Look, she shouted, he’s a Daddy,
and dismissed him as only a child can.






Eighteenth Birthday

Antoine learned how to be that extra child
in someone else's house,
wear hand-me-downs and skip meals,
the kid with the different last name.
If he made too much noise,
got in trouble at school,
or the foster payment came late,
his belongings got packed in a brown paper bag.
If a government car brought a stranger to ask,
How're you doing? bullshit like that,
his heart went ballistic, mouth kept silent.

One ordinary day, he heard words
like the slash of a box cutter,
Your dad's in jail, your mom's been sober,
we're taking you home.

This skinny twelve-year-old bolted,
ran barefoot down broken cement, shouted,
I'd rather be dead than go back there.

The day he turned eighteen
Antoine was put out of the shelter.
Baggy jeans,
immaculate Nikes,
hair twisted in dreads,
a stuffed backpack slung over his shoulder,
he stood at the curb with no place to go,
bouncing his head to a Walkman beat.






Herman Sharp (1899-1918)

My great uncle was killed at Argonne,
his body buried in foreign soil.
For its first hometown casualty,
Maywood created a park,
inscribed his name in bronze.
Other wars, more dying.
The ground was renamed Veterans Park.
No relative was there to protest
and children who swing on the swings
don’t wonder.

Today the only proof I have of his life
is a faded photo postcard.
He’s posing in front of a fake cannon,
the Capitol painted as background.
Crisp uniform, broad smile.
His buddy close at his side.
The message: Dear Mom and Dad,
See the new watch on my wrist.
How many hours, days until
innocence fell to artillery fire?



Hampstead Again

for Billy and Jimmy

On a snowy day, when the neighborhood
has gone quiet, except for the plows,
I’m peeling onions, stripping layers of fat
from a pot roast, sizzling oil in the pan.

And it’s Hampstead again. Grey leaden
skies, damp warning its way through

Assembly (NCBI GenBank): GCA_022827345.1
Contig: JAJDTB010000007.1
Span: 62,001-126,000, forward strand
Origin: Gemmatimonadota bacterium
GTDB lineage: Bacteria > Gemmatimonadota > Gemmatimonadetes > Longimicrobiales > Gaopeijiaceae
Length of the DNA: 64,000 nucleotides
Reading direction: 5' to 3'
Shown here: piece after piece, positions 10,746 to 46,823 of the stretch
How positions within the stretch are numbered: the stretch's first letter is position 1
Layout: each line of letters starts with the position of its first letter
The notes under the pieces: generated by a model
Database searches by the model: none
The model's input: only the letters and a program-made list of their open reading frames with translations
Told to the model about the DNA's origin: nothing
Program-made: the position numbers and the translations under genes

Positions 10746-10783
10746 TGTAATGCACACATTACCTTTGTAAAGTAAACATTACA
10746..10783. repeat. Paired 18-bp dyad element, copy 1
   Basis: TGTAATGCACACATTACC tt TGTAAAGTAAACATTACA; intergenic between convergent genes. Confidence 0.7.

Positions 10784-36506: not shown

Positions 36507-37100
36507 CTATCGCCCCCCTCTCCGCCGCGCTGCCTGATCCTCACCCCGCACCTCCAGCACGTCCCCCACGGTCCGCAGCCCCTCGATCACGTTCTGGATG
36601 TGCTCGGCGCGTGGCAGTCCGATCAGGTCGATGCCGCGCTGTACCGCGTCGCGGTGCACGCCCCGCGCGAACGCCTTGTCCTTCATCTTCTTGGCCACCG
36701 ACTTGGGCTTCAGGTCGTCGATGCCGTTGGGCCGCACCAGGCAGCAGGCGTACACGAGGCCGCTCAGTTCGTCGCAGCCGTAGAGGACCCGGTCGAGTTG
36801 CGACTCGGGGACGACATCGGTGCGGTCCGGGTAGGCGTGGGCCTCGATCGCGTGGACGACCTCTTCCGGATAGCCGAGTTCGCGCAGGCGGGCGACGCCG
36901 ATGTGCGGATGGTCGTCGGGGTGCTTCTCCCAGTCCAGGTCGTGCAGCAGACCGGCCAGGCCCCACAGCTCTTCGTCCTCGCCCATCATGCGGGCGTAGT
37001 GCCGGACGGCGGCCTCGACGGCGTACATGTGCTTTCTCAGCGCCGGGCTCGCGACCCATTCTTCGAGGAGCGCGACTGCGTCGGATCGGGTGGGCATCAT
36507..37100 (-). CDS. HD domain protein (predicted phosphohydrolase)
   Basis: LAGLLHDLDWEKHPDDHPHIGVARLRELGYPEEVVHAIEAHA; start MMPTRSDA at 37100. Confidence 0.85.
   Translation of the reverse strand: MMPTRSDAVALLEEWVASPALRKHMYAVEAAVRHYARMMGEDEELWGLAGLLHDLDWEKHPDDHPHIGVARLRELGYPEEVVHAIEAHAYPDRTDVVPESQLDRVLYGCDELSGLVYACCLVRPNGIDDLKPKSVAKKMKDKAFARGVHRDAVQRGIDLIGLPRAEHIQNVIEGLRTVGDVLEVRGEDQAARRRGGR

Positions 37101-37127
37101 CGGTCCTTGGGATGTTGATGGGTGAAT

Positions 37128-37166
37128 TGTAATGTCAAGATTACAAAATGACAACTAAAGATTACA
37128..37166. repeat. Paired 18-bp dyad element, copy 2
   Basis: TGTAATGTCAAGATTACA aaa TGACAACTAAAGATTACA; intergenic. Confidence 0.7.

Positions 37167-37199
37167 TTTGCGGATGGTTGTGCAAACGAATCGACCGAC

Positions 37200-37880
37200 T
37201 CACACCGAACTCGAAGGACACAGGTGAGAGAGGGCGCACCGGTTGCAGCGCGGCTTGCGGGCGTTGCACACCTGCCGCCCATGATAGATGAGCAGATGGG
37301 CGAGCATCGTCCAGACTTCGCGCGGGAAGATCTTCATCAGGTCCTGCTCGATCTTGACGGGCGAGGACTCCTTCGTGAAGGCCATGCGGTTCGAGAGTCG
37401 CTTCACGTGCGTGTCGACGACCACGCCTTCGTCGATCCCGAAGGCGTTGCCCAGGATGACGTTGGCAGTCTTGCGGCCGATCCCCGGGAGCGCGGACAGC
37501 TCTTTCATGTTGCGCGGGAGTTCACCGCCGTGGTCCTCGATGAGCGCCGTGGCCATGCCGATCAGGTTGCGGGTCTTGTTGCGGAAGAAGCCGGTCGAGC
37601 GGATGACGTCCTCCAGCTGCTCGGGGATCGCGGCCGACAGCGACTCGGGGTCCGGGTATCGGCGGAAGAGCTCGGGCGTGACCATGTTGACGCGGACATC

our clothes. Along the streets where Keats
took a turn, past the chemist, the ironmonger,
I’m choosing grapes, lettuce, fresh beets,
and tomatoes at the greengrocer’s.
You two are juggling oranges and apples.
At the butcher’s, you kick up sawdust,
giggle at pigs’ feet, fake gag at the tongue
and the tripe until a stern Brit scolds you both.
Short hop to the bakery where a plump-faced
clerk greets us: Right wet one we’re havin’.
I pay for warm yeasty loaves; you wolf down
jam tarts as if you haven’t eaten in days.
Then the ten-block walk home loaded
with parcels. I sidestep puddles; you splash
about like irreverent ducks.

While the roast simmers, I curl up
with a book, any one will do, and listen for
echoes of the lively dinners,
when we gathered at table, forks ready.






Lake Carnegie, Late Afternoon

Orange sky
slips below the tree line.
College oarsmen, stroke by stroke,
slice ever-graying water.

On the road, arms awhirl,
a legless man, wheelchair-bound,
placard round his neck
I’m a homeless Vet.

All race against the fading light,
resolute on course.
One outwitting midnight’s chill,
others to the boathouse.






English Summer
Idmiston, Wiltshire

Warm July evening, roses prickly with thorns,
burbling brook at the rear of the garden.
George, Harry the Horse, and Rusty stop by
the Old Vicarage, our half-timbered rental
– sloping plank floors, brick oven –
for an evening of pontoon, ham sandwiches,
and brew. Down ten quid, George flicks on
the telly for the racing news. Instead
we hear…one giant leap for mankind.

Outside, we stare up in silence. The sky,
rife with secrets, has shed another mystery.
We wonder aloud if this could be a hoax.
No matter. An excellent excuse for celebrating
til the 3 am ritual, trucks rattling past the door
on the rutted road from Porton.
Two kilometers away, hidden in the sleepy
countryside, a chemical warfare plant.
Cargo, toxin-filled containers bound for the sea.